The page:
He was famous for it, and sales soared in the days following his death. Jobs’ signature look was unmistakable: a black mock turtleneck, paired with some Levi 501 jeans.
Though St. Croix, who makes the famous turtlenecks, is reaping the profits, Jobs’ rationale behind his simple and effortless attire can be attributed to a relationship with none other than designer Issey Miyake.
(MORE: Brand Behind Steve Jobs’ Iconic Turtleneck Sees Sales Boost)
Inspired by a trip to Sony headquarters in the early 1980s, Jobs became fascinated with the idea of a “corporate uniform” and tried extending the idea to Apple. While the idea didn’t exactly fly, Jobs and Miyake became close friends in the process, according to biographer Walter Isaacson:
On a trip to Japan in the early 1980s, Jobs asked Sony’s chairman Akio Morita why everyone in the company’s factories wore uniforms. He told Jobs that after the war, no one had any clothes, and companies like Sony had to give their workers something to wear each day. Over the years, the uniforms developed their own signatures styles, especially at companies such as Sony, and it became a way of bonding workers to the company. “I decided that I wanted that type of bonding for Apple,” Jobs recalled…
In the process, however, he became friends with Miyake and would visit him regularly. He also came to like the idea of having a uniform for himself, both because of its daily convenience (the rationale he claimed) and its ability to convey a signature style. “So I asked Issey to make me some of his black turtlenecks that I liked, and he made me like a hundred of them.” Jobs noticed my surprise when he told this story, so he showed them stacked up in the closet. “That’s what I wear,” he said. “I have enough to last for the rest of my life.”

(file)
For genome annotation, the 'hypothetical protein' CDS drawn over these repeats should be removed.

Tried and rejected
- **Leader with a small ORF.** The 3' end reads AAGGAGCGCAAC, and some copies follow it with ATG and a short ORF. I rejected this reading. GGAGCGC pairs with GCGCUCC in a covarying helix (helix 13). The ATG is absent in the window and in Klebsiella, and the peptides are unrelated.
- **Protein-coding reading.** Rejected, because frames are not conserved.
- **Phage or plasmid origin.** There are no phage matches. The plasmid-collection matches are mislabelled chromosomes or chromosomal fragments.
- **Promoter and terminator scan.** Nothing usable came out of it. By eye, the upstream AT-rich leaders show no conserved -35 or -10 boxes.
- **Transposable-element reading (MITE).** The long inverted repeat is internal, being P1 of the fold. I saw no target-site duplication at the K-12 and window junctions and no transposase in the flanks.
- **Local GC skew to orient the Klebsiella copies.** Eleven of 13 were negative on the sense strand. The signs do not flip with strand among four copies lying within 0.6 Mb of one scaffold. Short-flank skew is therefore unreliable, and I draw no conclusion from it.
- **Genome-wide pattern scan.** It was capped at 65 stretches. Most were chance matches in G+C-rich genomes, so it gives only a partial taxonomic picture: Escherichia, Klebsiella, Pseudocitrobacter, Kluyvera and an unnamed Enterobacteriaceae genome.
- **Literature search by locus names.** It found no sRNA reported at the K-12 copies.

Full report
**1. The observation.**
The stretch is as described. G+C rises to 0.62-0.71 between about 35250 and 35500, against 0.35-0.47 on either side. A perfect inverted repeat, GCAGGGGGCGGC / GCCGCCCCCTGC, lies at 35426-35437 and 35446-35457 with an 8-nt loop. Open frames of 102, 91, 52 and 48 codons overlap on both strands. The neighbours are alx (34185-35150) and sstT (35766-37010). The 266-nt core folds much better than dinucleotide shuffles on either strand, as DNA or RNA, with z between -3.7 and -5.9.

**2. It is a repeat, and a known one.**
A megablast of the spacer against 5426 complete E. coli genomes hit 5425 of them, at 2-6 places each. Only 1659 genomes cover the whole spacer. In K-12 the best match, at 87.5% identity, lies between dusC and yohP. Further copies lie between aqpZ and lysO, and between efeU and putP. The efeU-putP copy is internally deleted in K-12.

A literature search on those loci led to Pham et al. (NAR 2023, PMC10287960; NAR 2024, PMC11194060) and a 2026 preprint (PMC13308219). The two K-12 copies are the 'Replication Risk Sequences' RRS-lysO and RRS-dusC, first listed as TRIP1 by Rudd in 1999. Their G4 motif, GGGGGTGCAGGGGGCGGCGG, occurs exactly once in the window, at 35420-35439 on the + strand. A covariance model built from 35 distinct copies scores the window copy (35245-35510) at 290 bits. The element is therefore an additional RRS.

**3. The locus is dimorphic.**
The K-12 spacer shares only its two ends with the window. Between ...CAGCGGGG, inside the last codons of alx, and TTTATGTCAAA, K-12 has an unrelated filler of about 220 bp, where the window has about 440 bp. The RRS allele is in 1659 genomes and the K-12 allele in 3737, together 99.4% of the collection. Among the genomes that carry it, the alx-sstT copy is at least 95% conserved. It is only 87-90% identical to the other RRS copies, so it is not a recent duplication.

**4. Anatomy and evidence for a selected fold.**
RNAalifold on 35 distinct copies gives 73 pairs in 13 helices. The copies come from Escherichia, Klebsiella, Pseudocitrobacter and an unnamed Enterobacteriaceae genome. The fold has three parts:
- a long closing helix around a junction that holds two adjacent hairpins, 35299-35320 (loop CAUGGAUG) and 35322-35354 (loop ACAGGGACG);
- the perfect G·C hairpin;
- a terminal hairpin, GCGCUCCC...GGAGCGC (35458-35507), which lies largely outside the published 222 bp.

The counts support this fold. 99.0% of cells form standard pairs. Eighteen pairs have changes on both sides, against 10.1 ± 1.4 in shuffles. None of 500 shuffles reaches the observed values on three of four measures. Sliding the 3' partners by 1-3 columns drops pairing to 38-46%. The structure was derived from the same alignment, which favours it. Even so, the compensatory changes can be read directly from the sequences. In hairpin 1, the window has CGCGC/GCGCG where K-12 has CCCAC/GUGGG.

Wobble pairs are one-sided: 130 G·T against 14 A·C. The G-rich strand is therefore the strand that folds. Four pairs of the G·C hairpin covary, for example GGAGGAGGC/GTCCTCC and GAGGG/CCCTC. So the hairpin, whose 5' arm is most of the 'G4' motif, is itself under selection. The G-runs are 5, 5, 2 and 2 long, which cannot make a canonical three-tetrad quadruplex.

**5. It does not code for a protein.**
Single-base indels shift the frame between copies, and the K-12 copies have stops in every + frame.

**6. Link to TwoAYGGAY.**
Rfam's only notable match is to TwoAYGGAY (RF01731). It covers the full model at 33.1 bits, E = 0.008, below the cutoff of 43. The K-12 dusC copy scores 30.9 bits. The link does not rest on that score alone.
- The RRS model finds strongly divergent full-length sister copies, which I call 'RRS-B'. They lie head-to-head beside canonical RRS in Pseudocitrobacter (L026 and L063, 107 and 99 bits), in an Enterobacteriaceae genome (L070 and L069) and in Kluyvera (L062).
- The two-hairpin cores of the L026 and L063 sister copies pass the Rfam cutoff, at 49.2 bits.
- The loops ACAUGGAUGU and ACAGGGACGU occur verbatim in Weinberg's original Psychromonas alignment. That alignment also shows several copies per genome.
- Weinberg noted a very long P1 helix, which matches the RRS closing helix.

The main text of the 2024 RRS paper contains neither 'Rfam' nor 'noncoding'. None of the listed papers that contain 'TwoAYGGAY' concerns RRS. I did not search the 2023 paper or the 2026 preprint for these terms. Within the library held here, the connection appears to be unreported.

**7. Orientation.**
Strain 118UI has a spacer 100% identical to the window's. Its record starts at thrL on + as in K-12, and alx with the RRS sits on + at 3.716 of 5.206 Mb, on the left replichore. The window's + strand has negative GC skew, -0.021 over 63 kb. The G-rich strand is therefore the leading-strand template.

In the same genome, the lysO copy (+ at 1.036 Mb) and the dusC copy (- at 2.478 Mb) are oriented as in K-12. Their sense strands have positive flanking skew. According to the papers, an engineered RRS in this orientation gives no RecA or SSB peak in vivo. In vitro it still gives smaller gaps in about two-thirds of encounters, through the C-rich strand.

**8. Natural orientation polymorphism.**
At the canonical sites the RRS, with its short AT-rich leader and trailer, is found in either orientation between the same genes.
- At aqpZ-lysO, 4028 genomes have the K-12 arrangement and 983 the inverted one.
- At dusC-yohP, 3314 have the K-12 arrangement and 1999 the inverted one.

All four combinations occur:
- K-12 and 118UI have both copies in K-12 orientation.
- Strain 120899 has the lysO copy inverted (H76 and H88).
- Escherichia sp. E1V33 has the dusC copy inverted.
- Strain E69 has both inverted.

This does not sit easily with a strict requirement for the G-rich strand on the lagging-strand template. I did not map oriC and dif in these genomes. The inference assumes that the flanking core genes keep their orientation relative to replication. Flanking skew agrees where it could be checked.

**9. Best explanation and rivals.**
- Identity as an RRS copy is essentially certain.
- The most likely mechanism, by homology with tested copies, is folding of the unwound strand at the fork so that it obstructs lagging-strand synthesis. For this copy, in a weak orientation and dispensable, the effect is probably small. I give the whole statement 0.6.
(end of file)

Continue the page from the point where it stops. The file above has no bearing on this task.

Walter Isaacson is the former managing editor of TIME Magazine. His much-anticipated biography, Steve Jobs (based on more than 40 exclusive interviews conducted with Jobs over two years) is coming out October 24.
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Erica Ho is a reporter at TIME. Find her on Twitter at @ericamho and Google+. You can also continue the discussion on TIME’s Facebook page and on Twitter at @TIME.